Information gathering and sharing is a priority to keep track of where Muslim New Zealanders are being victimised. - Photo: RNZ / Dan Cook
A nationwide database is being rolled out to monitor crimes that target the Muslim community, as part of a scheme to shore up security at the country's mosques and other Islamic buildings.
Former Army major Abdul Lateef Smith is travelling to 40 locations up and down the country, assessing security and providing advice on precautions worshippers should take in the wake of the 15 March terrorist attacks.
He's now trying to get the government on board.
Mr Smith, who's also a member of the Federation of Islamic Associations, will work with police volunteers to assess security and ensure Islamic buildings are as safe as possible.
As well as beefing up security infrastructure, he said information gathering and sharing will form an important part of the strategy.
He hopes the new database will become an important tool for authorities to track where Muslim New Zealanders are being victimised.
The key to it working will be people reporting if they ever find themselves targeted because of their religion.
"When these sorts of crimes occur they can be reported quickly and dealt with quickly. So we'll just remain vigilant ourselves.
"And I guess the key difference is now we encourage people to quickly report those events so that police can quickly talk to those people and deal with them. Simple as that."
There are also plans underway to install new security cameras, exit doors, lighting and alarms at places where Muslim people meet.
Mr Smith will present a business case to the government for about $1.3 million to implement the measures.
"You may very well understand the costs that might have been involved from the 15 March Christchurch event, you're talking about millions of dollars.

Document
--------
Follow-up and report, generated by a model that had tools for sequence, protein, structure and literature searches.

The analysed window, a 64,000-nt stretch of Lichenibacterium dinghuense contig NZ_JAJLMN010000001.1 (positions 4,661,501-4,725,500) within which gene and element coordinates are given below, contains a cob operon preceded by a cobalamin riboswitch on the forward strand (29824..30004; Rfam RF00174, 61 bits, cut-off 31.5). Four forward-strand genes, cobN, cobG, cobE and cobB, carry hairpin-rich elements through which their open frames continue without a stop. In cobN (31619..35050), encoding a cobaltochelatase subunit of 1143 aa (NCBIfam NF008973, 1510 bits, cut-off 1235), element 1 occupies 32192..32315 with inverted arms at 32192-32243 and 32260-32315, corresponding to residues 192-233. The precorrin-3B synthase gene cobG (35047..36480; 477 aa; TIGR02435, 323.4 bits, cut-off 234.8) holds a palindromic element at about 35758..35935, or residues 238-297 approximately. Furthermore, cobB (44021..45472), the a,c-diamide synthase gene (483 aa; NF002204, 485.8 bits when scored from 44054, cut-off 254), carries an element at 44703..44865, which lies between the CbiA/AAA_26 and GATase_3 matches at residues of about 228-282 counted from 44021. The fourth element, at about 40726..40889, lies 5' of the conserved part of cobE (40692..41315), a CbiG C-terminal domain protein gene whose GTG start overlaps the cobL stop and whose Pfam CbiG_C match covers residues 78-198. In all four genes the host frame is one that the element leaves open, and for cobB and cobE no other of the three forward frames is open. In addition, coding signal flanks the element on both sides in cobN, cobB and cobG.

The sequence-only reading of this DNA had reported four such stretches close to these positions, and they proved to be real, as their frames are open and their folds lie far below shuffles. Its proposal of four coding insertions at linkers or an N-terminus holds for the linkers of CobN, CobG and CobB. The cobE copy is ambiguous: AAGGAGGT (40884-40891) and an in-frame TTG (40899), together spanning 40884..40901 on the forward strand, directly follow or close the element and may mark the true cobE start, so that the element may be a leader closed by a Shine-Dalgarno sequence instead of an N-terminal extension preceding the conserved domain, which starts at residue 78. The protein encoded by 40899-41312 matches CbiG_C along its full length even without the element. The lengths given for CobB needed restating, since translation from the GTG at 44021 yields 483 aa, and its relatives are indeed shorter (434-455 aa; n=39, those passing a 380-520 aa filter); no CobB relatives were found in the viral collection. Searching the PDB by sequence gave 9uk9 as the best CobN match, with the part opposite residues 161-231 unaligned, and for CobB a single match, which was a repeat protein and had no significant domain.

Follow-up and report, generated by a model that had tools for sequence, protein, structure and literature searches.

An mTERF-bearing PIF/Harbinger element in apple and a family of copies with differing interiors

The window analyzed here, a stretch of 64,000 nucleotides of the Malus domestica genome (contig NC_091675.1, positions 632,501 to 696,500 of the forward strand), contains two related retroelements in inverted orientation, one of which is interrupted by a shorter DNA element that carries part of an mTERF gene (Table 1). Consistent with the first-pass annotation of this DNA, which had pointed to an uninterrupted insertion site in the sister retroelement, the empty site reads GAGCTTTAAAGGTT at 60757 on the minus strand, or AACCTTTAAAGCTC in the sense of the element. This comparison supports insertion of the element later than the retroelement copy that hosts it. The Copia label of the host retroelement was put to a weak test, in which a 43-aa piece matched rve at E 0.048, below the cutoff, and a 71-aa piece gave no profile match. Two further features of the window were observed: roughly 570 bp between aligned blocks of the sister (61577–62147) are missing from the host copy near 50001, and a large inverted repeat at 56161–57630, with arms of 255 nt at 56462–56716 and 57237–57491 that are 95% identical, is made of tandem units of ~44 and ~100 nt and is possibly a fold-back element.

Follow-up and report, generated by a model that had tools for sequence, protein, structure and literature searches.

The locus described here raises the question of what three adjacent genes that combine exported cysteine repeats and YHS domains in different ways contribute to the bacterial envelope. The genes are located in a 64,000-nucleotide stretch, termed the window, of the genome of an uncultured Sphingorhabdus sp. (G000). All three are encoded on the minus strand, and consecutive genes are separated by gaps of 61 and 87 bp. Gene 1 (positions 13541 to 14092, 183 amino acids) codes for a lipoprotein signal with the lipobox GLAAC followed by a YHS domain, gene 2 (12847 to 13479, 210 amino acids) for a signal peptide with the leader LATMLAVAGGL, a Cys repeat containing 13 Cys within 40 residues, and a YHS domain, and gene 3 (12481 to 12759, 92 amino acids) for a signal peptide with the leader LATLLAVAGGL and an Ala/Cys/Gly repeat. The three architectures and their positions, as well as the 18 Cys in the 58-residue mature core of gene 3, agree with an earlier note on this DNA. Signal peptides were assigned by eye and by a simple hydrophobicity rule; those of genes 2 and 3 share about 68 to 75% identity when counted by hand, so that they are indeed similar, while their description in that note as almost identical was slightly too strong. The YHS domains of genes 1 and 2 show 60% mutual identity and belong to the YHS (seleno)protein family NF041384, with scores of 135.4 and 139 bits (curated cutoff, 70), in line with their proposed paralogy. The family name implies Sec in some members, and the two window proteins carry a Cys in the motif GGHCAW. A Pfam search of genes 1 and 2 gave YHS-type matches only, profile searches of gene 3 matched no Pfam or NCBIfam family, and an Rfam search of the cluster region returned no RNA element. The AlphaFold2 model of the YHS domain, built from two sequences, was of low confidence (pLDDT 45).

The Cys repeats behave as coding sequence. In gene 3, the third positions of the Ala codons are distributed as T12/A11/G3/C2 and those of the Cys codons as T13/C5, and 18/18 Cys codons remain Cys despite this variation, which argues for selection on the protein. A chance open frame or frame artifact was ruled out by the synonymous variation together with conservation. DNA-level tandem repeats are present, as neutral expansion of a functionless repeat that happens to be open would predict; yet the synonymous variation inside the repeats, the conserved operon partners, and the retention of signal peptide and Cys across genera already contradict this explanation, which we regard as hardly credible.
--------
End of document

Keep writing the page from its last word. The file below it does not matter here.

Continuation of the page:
"Well, for part of that cost, we can put every measure in place that is humanly possible to try to prevent this happening again. And of course, no-one can ever say it's never gonna happen again, but we'd have done everything we can to prevent it."
Mr Smith said some people were worried too much security could isolate them from the wider community, but he moved to reassure them.
"We'll never become a fortress, we'll never become a castle. We will always be open and available for people to talk.
"But we have to take common sense steps, just as simple as an electronic key fob system on the door, or we'll make sure the front gets locked."
Zulfiqar Haider Butt from the Manawatu Muslim Association said it was nothing new for Muslims to be targeted but before 15 March the information was not widely shared for fear it would create panic.
Now, though, he wholeheartedly supported having every case documented in the new database and shared with authorities.
"We decided that we should probably inform the general public so that everybody should be careful and vigilant. The main changes will be informing the wider community from now on," he said.
He did not think there'd been an increase in cases of Muslims being targeted, but each event was perhaps more keenly felt now.
"We can't say there's an upsurge. This is because of the 15 March event. People are discussing it more and it's coming to light more and more.
"Otherwise, we can't say there is a planned or concentrated effort to disturb the community. I don't think that that's happening here."
Mr Smith said they're completely open to sharing information with other religious groups, who are also reassessing security after what happened in Christchurch.